6 ways to lower stroke risk

Stroke – one of the most fatal types of cardiovascular diseases, and the third leading cause of deaths in Norway. Every year around 15 000 Norwegians are affected by stroke, and the number is expected to increase by 50 % over the next 20 years due to an ageing population.

hjerne2A stroke is caused by interruption of the blood supply to the brain, usually because a blood vessel bursts or is blocked. This causes damage to the brain tissue, since the supply of oxygen and nutrients is affected. The consequences of a stroke depends on which part of the brain is injured and how severly the injury is. Time between symptom onset and treatment is also a crucial factor for the outcome.

The most common symptom of a stroke is sudden weakness or numbness of the face, arm or leg, most often on one side of the body. Other symptoms may be confusion, aphasia, visual disturbances, difficulties with walking, dizziness, severe headache with no known cause, fainting or unconsciousness.

Is there any way to prevent this disease? Some factors, like age and family history of stroke, is unchangeable. However, there are a few things you can do to protect yourself. This months Harvard Health Letter gives 6 tips to lower the stroke risk:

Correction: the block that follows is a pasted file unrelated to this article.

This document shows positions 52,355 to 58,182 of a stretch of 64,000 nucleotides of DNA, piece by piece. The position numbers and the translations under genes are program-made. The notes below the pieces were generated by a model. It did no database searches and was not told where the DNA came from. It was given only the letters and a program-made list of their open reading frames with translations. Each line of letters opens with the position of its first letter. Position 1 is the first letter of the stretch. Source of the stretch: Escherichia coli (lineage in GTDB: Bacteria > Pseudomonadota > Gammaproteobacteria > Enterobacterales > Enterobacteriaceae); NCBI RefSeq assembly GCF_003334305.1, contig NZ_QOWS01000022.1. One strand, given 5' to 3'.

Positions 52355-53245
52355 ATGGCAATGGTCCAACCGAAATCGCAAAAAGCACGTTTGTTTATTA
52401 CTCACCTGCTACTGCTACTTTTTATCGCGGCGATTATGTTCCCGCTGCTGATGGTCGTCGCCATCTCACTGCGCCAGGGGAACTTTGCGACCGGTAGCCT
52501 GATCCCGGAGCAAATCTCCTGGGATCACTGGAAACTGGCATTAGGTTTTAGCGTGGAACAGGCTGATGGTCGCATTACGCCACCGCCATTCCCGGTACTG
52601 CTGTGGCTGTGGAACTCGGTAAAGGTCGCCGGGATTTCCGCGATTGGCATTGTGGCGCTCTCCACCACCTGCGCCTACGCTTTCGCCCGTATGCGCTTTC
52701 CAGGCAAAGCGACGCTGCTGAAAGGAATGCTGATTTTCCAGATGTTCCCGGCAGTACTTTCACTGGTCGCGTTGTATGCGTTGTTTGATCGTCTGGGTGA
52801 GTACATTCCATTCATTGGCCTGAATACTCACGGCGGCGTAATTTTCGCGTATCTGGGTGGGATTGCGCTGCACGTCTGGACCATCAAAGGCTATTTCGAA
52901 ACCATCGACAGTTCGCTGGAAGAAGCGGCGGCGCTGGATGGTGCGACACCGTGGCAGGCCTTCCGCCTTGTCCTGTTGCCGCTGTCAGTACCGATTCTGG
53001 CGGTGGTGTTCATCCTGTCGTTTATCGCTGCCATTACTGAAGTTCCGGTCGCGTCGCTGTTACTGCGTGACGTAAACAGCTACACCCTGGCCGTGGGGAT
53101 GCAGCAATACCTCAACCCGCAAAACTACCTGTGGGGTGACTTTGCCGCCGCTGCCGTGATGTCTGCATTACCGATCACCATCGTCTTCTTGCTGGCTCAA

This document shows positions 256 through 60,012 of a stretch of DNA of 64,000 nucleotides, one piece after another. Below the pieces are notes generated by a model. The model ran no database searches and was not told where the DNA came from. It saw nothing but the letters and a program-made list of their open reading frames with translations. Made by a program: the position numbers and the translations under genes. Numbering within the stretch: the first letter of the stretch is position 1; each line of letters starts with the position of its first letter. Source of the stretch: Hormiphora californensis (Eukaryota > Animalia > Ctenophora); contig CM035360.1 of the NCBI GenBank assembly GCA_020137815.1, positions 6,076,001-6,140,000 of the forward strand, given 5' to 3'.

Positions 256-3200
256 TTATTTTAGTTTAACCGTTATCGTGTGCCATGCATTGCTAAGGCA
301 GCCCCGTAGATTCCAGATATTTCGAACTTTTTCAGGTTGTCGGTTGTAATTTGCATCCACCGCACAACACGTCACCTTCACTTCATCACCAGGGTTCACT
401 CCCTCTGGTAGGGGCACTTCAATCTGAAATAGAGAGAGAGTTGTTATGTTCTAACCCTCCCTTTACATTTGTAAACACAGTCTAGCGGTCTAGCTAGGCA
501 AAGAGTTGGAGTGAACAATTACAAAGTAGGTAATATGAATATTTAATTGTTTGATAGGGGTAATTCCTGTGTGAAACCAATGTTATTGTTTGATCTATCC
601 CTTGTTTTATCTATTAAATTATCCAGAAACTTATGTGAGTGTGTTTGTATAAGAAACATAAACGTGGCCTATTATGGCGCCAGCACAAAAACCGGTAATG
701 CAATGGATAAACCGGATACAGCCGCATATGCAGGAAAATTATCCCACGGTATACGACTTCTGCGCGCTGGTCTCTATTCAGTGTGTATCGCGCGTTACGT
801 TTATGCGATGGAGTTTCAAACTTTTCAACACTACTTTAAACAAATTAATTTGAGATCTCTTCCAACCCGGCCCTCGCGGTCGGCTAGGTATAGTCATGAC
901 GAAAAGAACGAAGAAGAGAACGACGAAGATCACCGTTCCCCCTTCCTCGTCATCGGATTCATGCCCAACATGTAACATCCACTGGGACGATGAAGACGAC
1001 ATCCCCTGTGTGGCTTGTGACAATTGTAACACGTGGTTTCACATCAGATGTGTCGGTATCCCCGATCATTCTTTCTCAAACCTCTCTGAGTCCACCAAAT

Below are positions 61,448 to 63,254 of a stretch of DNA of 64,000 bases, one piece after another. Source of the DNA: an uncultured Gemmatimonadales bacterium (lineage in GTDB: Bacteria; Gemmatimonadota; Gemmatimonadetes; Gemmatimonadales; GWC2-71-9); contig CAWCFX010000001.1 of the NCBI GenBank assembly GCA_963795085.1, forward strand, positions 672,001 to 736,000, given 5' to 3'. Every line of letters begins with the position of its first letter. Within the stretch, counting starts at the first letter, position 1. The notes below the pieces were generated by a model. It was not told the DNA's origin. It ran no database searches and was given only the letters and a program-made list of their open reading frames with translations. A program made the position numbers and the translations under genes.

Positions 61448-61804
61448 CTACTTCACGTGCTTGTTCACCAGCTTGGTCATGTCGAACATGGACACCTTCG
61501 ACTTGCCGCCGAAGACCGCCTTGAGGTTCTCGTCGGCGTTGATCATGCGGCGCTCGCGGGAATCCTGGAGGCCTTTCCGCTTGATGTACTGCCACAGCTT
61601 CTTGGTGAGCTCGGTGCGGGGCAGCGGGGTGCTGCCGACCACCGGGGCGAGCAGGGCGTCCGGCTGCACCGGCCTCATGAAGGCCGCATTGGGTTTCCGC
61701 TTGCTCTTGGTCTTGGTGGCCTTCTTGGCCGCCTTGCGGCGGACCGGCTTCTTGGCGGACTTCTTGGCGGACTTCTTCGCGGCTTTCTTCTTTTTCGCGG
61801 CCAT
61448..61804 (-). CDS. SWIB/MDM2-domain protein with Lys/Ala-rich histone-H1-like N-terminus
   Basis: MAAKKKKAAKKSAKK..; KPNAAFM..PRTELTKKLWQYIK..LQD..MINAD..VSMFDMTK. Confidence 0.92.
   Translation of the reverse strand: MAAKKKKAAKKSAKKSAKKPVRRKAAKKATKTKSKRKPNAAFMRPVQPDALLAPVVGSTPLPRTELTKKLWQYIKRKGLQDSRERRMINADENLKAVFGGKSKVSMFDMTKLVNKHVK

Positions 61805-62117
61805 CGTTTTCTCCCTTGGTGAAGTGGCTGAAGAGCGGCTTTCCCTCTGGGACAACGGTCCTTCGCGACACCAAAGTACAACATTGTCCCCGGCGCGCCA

• Smoking is the worst risk factor of smoking – quitting will be a great step to prevent stroke (and several other diseases at the same time, of course).
  • Weight loss – a healthy weight is associated with lower prevalence of cardiovascular disease
  • Moderate alcohol consumption – according to Harvard this means no more than two drinks a day for a man and one a day for a woman. Bingeing on weekends is not either recommended, even though you don’t drink during the week.
  • Lower salt consumption –  limit sodium to no more than 2,300 mg per day—and to no more than 1,500 mg per day if you’re over age 50, or have diabetes, kidney disease, or certain other chronic conditions.
  • Healthy diet – you already knew, right? Reduce the intake of saturated fat, sugar and red meat, but gorge on vegetables, fruits, fat-free or low-fat dairy, whole grains, fish, poultry, beans, seeds and nuts.
  • Exercise – last, but not least; your comfortable couch may represent one of the greatest risk factors of stroke. Get up and move!

Maria Henningsen, CERG

This entry was posted in Cardiovascular disease, In English and tagged , , , by CERG. Bookmark the permalink.

About CERG

The Cardiac Exercise Research Group (CERG) at the Norwegian University of Science and Technology (NTNU) seeks to identify the key mechanisms underlying the beneficial effects of physical on cardiac health in the context of disease prevention and treatment. Named the K.G. Jebsen Center for Exercise in Medicine under Professor Ulrik Wisløff's leadership in 2011, CERG uses both top-down and bottom-up approaches to combat lifestyle-related disease.

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